Apr 28, 2015

A Giuliani Anecdote

Anton Gräffer was born on 19 May 1786 in the house Kleeblattgasse 7, the third child of the bookseller August Gräffer and his second wife Katharina, née Königsberger. When in September 1783 his father wanted to marry for a second time, he applied for an exemption from the three publications of the banns. He wanted to be married in secrecy, so as "not to reveal his preceding misconduct" (i.e. his bride's pregnancy) and "to hide the fact that he was about to marry a penniless girl from his friends, because the loss of their support would pose a risk for his business". After her husband's bankruptcy in 1793 the penniless and illiterate Katharina Gräffer (b. 30 October 1755 in Valtice) however proved to be indispensable, because she was entitled to maintain the bookselling privilege and in 1798 managed to establish a new business which she successfully expanded with the help of a sponsor and her two sons.

August Gräffer, signing for his illiterate wife Katharina in 1798 (A-Wsa, Merkantilgericht, Fasz. 3, 1. Reihe, G 51)

Anton Gräffer was a variedly talented man who failed at so many business enterprises that for most of his life he called himself "Pechvogel" (unlucky devil), an epithet that was publicly associated with him as late as 1886. Beside his job as accountant in his mother's shop Gräffer studied landscape painting at the Vienna Academy of Fine Arts and also became one of Vienna's most accomplished guitar players. For several decades Anton Gräffer was one of the most sought after guitar teachers in the Imperial City and in 1811 and 1812 he published a popular guitar method in two volumes.

The title page of the first volume of Anton Gräffer's Guitarre Schule (Anton Strauß 1811)

Anton Gräffer composed many pieces for guitar, but he also wrote music for piano, for instance the tone painting "Der Friede" which he published in late 1813. Gräffer's mother wanted him to marry a friend of his eldest sister, but, like his father 30 years before, he (as he puts it in his memoirs) "committed a mistake that he had to repair for the sake of the honor of his parents-in-law", in spite of the fact that his future wife "was enlightened enough to be willing to postpone their wedding to a later time, when he would have had a decent income." In 1813 Anton Gräffer impregnated Franziska Baillet (b. 17 November 1786), the daughter of his father's good friend, the teacher of French at the Theresianum Leopold Baillet (1749-1814) and to amend the mistake he had committed he married her on 17 October 1813 "against the prudent advice of his friends". His first child Maria Johanna was born on 14 January 1814. In his memoirs Gräffer describes the predicament of the early years of his marriage: "That way one child after the other appeared and from that time on I always had to fight against worries and hardship, because everything I undertook failed; every speculation, however safely it had been calculated and however unlikely it was that it would not result in a small advantage for me, was undone by unthinkable obstacles and fatalities." "If I had become a hatter", Gräffer writes in his memoirs, "people certainly would have been born without heads for the only reason of having fate still turning against me." In early 1814 the livelihood of Anton and Franziska Gräffer was based on giving private lessons in French, drawing and playing the guitar.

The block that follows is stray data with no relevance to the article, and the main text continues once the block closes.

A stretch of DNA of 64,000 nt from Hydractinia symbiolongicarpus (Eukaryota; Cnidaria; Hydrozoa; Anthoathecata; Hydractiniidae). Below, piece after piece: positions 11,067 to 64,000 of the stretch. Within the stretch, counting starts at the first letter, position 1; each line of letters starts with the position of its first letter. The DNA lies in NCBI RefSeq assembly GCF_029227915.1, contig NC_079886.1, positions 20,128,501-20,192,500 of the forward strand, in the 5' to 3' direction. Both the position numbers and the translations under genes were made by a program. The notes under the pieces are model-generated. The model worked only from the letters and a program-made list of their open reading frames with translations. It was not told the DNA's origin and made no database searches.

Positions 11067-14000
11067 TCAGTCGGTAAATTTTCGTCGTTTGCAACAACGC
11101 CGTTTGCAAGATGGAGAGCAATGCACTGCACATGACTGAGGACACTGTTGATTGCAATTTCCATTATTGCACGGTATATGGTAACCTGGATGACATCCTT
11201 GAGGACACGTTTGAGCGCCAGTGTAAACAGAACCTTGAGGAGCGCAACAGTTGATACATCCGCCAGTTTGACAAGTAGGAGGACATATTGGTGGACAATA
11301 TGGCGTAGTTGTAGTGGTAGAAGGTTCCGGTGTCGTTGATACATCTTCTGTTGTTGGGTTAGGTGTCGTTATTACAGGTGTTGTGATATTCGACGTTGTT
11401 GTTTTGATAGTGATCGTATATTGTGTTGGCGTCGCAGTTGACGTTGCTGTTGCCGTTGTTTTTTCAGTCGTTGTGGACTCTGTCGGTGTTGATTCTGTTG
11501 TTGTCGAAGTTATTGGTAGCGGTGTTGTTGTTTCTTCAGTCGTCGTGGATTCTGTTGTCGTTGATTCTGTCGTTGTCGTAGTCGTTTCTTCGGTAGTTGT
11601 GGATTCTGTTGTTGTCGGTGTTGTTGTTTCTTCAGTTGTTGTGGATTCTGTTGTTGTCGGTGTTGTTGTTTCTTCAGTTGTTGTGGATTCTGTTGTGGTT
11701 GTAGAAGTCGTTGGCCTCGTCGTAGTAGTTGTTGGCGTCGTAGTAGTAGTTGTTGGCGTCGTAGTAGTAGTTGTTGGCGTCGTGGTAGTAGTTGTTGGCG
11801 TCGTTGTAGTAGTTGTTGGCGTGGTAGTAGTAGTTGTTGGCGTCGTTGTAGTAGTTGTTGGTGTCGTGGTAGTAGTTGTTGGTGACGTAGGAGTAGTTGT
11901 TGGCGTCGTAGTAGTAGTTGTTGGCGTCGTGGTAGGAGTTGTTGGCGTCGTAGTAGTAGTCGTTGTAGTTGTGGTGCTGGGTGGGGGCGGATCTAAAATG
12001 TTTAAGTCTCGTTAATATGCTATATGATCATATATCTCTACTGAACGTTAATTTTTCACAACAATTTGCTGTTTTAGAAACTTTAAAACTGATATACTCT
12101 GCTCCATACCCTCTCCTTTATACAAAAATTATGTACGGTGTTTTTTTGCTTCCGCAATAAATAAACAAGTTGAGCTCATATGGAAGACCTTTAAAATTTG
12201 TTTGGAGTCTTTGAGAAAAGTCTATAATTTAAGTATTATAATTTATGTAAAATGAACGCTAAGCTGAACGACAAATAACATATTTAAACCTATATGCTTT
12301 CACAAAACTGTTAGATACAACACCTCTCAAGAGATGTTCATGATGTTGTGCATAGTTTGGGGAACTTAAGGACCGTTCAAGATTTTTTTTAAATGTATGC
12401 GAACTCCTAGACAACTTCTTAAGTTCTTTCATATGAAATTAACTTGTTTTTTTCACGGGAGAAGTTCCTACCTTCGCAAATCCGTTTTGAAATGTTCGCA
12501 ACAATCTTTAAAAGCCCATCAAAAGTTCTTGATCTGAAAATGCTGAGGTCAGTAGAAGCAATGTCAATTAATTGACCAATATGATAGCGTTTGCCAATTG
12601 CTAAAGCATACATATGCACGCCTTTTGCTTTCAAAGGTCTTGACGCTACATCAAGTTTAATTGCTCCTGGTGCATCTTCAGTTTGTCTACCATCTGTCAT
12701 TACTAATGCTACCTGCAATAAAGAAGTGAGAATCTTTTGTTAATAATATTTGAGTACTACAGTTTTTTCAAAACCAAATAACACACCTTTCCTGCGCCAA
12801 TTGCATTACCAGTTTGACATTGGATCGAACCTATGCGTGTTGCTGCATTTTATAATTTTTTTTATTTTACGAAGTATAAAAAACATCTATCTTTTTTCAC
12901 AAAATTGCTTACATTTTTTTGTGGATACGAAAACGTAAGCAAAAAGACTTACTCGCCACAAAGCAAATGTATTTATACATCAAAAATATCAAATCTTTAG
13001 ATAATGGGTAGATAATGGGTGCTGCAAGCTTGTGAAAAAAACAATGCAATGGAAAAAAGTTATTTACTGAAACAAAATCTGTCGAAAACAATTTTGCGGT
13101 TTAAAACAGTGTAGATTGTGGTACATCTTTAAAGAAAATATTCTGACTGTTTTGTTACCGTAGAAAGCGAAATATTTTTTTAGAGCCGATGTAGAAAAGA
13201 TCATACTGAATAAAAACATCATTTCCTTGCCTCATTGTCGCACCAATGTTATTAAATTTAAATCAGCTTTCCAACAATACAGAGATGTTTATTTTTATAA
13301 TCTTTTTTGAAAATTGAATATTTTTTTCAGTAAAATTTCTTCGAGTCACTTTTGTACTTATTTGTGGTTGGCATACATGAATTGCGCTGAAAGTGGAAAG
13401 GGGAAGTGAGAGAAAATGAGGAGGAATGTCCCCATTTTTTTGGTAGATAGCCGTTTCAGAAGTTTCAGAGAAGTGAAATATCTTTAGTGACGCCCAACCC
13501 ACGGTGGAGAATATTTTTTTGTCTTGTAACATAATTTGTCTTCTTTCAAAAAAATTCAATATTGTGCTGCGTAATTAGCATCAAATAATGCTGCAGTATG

Franziska Gräffer's ad in the Wiener Zeitung of 9 February 1814, offering private lessons in French ("after her father's method") as well as drawing and guitar lessons from her husband